[Desktop Entry] Name=Android Studio Exec=/home/zachary/Desktop/AndroidStudio/bin/studio.sh Icon=/home/zachary/Desktop/AndroidStudio/bin/studio.sh Type=Application Terminal=False Categories=Utility;
- You’ll need to change the paths after Exec= and Icon= to match your paths.
- Save, and then right-click AndroidStudio.desktop. Choose the Allow Launching option. This may not be necessary for all distributions.
- Finally, double-click the file to launch Android Studio.
If you’re on Chrome OS or some variant of Chromium OS, you’re in luck, because Google has made Android Studio available through the Linux framework. Read on to find out how to get Android Studio up and running on Chrome OS.
Before you can install Android Studio on Chrome OS, you’ll need to install Linux. This isn’t a dual-boot situation, though, so don’t worry. Google has added a feature to Chrome OS to run Linux apps without having to install Ubuntu/Arch/etc. and reboot. If you already have Linux on Chrome OS enabled, you can skip this section.
- Open Settings. You can do this by clicking the time in the bottom right of the screen and then clicking the gear icon, or by opening search (the circle in the bottom-left) and searching for Settings.
- In the left sidebar, click Linux (Beta) or scroll down to the bottom of the Settings window.
- Click the Turn on button in the Linux card.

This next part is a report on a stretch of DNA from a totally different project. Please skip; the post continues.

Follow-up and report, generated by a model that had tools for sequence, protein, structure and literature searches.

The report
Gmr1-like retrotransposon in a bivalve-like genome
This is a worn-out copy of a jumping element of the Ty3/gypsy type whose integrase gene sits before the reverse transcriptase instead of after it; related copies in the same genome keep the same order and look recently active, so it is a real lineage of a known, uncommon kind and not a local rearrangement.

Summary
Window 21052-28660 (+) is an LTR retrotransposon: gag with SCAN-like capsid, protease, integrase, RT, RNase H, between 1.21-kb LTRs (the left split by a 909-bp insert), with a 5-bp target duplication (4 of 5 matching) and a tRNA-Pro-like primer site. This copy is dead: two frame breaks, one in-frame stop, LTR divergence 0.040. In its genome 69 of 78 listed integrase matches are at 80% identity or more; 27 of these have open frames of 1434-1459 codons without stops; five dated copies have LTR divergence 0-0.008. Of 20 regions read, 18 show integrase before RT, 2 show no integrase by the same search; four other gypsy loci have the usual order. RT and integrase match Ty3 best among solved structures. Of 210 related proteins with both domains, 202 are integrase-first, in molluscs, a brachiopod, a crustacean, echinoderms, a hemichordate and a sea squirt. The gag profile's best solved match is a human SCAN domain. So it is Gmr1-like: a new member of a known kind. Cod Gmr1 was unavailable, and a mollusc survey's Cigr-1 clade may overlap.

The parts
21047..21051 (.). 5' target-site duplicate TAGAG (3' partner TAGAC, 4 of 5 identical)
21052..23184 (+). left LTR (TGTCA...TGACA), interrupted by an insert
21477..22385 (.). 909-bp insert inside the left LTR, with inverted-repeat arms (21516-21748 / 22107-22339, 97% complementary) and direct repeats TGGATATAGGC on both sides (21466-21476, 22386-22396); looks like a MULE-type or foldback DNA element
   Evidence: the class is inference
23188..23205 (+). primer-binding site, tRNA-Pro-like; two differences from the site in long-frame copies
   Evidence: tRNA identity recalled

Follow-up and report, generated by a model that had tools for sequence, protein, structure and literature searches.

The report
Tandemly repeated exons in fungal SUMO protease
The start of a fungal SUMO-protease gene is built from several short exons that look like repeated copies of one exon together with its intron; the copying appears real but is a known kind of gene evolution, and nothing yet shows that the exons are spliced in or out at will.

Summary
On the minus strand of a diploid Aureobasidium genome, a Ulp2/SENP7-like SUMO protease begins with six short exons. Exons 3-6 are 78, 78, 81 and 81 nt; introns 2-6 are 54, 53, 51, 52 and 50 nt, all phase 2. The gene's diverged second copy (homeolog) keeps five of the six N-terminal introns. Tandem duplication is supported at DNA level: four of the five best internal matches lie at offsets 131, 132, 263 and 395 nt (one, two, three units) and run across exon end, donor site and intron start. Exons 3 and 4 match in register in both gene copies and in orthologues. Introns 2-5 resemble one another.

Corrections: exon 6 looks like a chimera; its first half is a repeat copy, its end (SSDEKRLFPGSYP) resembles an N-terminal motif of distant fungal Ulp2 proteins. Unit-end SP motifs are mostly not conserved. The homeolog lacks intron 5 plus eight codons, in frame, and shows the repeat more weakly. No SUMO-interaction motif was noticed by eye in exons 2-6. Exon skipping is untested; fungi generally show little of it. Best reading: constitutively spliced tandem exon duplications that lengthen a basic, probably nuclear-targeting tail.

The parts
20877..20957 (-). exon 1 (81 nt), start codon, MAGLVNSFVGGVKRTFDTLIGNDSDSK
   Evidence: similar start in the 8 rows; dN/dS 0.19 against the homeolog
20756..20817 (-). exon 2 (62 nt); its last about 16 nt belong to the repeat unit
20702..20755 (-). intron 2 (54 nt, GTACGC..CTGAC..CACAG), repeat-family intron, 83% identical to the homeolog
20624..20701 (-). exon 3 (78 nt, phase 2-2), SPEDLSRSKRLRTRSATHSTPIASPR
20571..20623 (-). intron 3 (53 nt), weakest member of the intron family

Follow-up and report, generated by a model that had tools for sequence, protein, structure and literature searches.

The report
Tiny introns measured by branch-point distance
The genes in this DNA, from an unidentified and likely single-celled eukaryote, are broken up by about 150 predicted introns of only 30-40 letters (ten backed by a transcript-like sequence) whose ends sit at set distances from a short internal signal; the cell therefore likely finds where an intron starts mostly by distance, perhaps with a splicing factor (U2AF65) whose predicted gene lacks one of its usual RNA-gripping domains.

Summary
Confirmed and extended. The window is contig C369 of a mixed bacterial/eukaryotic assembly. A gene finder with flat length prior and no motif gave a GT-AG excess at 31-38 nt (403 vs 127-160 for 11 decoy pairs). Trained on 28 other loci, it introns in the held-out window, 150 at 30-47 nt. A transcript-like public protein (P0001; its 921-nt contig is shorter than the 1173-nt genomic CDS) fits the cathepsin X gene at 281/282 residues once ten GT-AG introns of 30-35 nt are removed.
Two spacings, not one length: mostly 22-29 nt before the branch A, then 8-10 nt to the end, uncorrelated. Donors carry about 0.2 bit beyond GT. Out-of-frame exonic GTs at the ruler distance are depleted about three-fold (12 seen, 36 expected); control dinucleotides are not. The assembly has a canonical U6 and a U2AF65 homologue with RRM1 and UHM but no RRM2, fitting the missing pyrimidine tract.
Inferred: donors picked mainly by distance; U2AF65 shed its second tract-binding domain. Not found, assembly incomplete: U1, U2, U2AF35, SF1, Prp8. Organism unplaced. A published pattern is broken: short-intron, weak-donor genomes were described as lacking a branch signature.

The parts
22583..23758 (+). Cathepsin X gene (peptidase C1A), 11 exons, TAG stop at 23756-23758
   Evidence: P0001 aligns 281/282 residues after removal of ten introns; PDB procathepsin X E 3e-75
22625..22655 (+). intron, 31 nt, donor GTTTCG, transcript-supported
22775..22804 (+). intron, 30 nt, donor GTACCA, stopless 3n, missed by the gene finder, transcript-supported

- At this point, a window should pop up telling you how much space Linux will take up. Click Next.
- On the next screen, specify a username for the Linux installation, and then click Install.
- Wait a few minutes for the installation to finish. A terminal window will appear. Close it.
If everything went well, you should now have Linux enabled on Chrome OS!
If you don’t see the Linux option in your settings, it likely means your Chromebook doesn’t support it. Most Chromebooks launched in 2019 or later support it, while some launched before 2019 support it. You can find a full list of such devices here.
Installing Android Studio
Now that you have Linux enabled, it’s time to install Android Studio.
- Download the Android Studio DEB for Chrome OS.
- Open Files and navigate to the Downloads folder.
- Right-click the downloaded DEB and select Install with Linux (Beta).
- In the window that pops up, wait for the details to load, and then click Install.
- You’ll get a notification telling you the progress of the installation. This might take a bit.
- Once the installation is finished, you’ll be able to find Android Studio right in the launcher in the Linux apps folder.
That’s it! Setting up Android Studio on Chrome OS isn’t exactly simple, but it’s at least fairly straightforward.
Hopefully, this guide helped you get Android Studio set up on whichever operating system you may be using.